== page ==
An address to the Roman catholics of Ireland, prepared at the request of the committee, by Mr. Mursell, was adopted with the most hearty cordiality, in which freer utterance than a resolution admits, was given to the views and feelings of the assembly. This paper was worthy of the occasion, and may henceforth be triumphantly appealed to in proof of the generous sympathy and enlightened sentiments of British dissenters. We regret that our space does not permit us to give the document entire, but should fail in vur duty to our readers, did we not transcribe the following passages :
..... You are placed by circumstances, the origin and growth of which it is unnecessary to trace, in a position so conspicuous and so critical as to attract towards you the anxious attention of all patriotic men in these realms, and of the liberal and the thoughtful throughout the civilised world. On your conduct at the present juncture, the mightiest and most sacred interests are suspended, and with you, under divine Providence, rest those issues which are destined to give a complexion, for an indefinite period, to the history of this empire. Your fidelity to the great principles of justice must inevitably pro. mote its peace, prosperity, and freedom; your betrayal of them will necessarily be the omen, at least, of their temporary disaster and defeat. ....
• You need not to be reminded that the dissenters of England were among the warmest supporters of the Catholic Relief bill, that they heartily advocated the equal extension of political privileges to the Irish as to the English people ; that they supported the claims of your country to an equal share in the benefits of Municipal Re.
form; that they rejoiced in the abolition of your Vestry Cess; and that they viewed with strong indignation the recent attempts of your government to strain the powers of the law in the tyrannical suppression of public opinion. They have ever fought side by side with you in all your conflicts for social and political equality, nor will any misconstruction which may have been put on their conduct prevail to diminish the earnestness of their efforts in your defence. Still you cannot expect them to surrender, on this very account, the principles which, even on the occasions referred to, have regulated their public conduct.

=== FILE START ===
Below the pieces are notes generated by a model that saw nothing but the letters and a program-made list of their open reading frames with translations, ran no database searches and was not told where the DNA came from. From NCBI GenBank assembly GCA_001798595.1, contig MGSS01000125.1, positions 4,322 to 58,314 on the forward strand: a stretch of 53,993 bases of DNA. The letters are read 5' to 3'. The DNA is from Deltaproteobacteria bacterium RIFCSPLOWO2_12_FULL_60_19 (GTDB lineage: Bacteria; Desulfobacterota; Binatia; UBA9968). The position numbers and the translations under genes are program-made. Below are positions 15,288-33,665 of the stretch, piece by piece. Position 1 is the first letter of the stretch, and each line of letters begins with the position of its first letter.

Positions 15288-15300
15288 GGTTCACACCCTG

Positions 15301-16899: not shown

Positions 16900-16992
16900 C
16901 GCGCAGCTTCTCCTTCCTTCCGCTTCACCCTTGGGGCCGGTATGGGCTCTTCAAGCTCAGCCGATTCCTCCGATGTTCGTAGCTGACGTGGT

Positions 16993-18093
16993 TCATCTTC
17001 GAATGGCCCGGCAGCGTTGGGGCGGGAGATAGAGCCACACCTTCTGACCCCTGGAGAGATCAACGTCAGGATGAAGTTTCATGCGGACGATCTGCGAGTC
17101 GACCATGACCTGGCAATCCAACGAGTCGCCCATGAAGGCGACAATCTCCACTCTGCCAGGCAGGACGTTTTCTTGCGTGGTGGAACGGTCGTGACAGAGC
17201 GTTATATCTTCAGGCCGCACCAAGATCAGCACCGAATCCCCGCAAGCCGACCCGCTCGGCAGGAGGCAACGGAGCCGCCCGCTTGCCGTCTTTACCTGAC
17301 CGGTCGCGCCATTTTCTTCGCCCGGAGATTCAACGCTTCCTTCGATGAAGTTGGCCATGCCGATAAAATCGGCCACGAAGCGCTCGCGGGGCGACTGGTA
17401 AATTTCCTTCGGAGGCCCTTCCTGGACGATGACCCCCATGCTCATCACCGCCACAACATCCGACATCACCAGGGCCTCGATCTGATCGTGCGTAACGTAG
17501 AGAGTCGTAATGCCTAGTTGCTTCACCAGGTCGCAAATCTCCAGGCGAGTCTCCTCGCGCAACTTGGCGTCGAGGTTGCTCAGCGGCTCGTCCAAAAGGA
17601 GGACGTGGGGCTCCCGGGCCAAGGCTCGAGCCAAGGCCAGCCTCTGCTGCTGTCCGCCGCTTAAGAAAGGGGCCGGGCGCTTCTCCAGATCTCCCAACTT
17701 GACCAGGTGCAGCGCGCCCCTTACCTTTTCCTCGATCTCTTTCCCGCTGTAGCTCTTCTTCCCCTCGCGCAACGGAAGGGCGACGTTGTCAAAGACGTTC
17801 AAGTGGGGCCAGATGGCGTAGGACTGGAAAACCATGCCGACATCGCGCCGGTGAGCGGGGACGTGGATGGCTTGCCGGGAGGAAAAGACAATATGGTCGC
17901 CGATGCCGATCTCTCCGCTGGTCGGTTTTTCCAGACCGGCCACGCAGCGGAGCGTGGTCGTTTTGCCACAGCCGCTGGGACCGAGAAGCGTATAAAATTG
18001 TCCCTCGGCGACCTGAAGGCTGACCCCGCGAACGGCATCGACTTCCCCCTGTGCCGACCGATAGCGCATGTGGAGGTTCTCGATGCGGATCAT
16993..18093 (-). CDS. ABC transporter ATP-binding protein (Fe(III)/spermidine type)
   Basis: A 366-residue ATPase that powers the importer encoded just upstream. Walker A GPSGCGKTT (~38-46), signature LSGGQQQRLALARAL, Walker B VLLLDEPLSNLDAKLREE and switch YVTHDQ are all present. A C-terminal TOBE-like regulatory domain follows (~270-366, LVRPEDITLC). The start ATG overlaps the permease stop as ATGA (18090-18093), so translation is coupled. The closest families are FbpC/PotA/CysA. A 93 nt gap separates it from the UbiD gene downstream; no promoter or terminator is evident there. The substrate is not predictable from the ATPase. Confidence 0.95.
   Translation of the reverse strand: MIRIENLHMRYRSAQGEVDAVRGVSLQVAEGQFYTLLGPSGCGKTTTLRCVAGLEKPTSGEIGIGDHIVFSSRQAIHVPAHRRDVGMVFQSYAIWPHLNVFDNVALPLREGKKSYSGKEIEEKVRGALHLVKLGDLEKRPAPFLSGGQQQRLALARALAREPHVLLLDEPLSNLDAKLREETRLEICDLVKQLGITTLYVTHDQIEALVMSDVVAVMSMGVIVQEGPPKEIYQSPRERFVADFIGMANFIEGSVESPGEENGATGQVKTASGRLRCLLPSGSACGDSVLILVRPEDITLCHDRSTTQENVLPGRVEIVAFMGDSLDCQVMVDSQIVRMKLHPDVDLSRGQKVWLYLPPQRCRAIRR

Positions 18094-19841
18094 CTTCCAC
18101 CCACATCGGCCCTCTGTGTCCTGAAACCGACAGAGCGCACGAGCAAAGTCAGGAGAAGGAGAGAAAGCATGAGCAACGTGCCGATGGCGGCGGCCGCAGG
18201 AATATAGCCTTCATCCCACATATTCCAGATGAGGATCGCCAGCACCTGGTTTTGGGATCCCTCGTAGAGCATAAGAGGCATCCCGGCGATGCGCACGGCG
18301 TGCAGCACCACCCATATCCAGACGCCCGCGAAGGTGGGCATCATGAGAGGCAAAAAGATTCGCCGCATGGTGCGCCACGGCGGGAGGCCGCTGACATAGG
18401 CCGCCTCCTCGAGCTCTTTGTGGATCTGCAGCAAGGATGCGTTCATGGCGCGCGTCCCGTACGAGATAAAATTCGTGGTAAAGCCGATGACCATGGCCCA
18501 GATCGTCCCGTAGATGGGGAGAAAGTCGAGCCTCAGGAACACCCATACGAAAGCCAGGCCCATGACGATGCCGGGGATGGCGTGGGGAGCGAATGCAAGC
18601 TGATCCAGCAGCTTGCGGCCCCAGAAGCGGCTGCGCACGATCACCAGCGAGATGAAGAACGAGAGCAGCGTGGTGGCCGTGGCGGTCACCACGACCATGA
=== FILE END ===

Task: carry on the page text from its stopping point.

"We have ever held that, of all the grievances under which your country has laboured, the establishment of the Anglican church in Ireland is the most unjustifiable and oppressive, and we pledge ourselves never to remit our efforts to remove from you this intolerable burden. We deem it a fundamental maxim, even of the commonest political justice and in this opinion we are fortified by that of some of the most eminent members of the Roman catholic church—that no compulsory payments can be rightfully demanded for the support of any religious system whatever. In this simple but vital principle lies involved the whole philosophy of nonconformity. The slightest deviation from this ground would virtually amount to a surrender of our consistency, and would obviously expose us to the merited derision of all discerning men. Now it will be plain to you that the proposed measure for the permanent endowment of the college of Maynooth involves the most direct invasion of this principle. It places your dissenting fellow-subjects in the very position from which they are striving to rescue you. It violates their consciences as offensively as the protestant establishment, in its tyrannical exactions, violates yours. It re-enacts the obnoxious principle, it is an extension of the very system, which you, in common with ourselves, have long been labouring to overthrow. To tolerate this measure, is distinctly to sanction and assert that principle.' * * *